Protesters lined up outside, holding signs of condemnation. One read “God still hates fags.” A businessman warned that Christianity would be abolished in this Kansas City suburb if the city council were to officially protect the gay community from discrimination.
Inside, new state Rep.-elect Susan Ruiz waited expectantly, weeks of debate coming down to this vote. One of three openly gay politicians elected in November’s midterms here, Ruiz was hoping to witness another momentous change in what has long been a solidly red state. […]
Openly gay candidates won 147 state-level positions nationwide in November, and the number in Congress rose from seven to 10, according to the Victory Fund, which raised a record $2 million on behalf of LGBTQ candidates this election cycle.
Advocates say that they expect the number to grow and that it could have a significant impact on the 2020 race, particularly in suburban battlegrounds with college-educated voters in states like Kansas.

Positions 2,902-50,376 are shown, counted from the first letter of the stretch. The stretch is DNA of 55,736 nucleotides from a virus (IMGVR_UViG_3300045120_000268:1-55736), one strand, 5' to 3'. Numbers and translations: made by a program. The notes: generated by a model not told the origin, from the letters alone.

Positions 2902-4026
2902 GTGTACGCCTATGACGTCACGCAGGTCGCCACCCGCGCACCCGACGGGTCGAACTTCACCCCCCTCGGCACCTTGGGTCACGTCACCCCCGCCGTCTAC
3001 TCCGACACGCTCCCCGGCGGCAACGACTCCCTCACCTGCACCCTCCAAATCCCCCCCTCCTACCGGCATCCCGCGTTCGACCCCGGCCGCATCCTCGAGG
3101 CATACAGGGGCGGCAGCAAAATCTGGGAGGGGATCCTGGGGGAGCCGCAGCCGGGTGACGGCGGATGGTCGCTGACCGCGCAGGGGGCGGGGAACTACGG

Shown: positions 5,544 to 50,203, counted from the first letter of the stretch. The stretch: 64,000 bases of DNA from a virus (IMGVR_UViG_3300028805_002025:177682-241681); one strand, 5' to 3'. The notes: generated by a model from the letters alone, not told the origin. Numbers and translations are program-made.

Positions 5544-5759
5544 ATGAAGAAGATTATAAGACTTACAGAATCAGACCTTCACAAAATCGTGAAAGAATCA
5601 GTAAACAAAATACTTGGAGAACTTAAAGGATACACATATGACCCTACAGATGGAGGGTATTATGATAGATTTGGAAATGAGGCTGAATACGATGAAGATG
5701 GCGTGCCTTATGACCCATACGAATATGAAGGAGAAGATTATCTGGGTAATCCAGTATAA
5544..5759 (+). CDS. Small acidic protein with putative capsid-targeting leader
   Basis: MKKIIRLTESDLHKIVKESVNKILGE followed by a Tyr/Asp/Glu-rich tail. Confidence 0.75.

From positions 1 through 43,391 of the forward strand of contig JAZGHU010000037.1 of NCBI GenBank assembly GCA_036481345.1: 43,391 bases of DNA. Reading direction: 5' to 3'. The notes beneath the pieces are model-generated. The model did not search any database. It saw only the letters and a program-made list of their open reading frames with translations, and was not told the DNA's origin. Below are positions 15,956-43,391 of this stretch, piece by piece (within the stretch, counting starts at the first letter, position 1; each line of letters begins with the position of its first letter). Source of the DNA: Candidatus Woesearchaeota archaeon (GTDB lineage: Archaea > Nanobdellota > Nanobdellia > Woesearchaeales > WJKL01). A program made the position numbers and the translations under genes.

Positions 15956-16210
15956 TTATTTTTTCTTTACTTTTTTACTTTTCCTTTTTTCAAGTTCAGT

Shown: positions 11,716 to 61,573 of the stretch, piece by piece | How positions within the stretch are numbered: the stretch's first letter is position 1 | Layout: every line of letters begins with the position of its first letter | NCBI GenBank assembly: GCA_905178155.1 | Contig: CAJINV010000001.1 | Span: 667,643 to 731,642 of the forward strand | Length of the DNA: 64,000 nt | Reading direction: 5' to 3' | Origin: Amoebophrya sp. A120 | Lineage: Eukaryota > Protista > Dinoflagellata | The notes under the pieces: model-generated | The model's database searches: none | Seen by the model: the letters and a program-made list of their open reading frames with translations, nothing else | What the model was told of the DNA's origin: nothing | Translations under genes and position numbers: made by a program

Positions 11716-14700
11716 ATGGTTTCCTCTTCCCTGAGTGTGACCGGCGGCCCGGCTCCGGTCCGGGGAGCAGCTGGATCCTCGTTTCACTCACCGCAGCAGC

And those elected are expected to be key to equality efforts in the nation’s statehouses, where some conservative legislatures have enacted legislation viewed as limiting LGBTQ rights since the U.S. Supreme Court’s decision legalizing same-sex marriage in 2015. Just in May, for example, the Kansas legislature passed a bill that allows faith-based adoption agencies to turn away same-sex couples based on religious beliefs.
“What happened in 2018 is going to be amplified,” said Annise Parker, the openly gay former Houston mayor who now heads the Victory Fund. “Our candidates are running everywhere. People think the rainbow wave was part of the blue wave, and it was, but we also did well in places like Kansas, Ohio and Nebraska. We’re going to contend in those places because that’s where we live and that’s where our candidates want to run.” Read more via Washington Post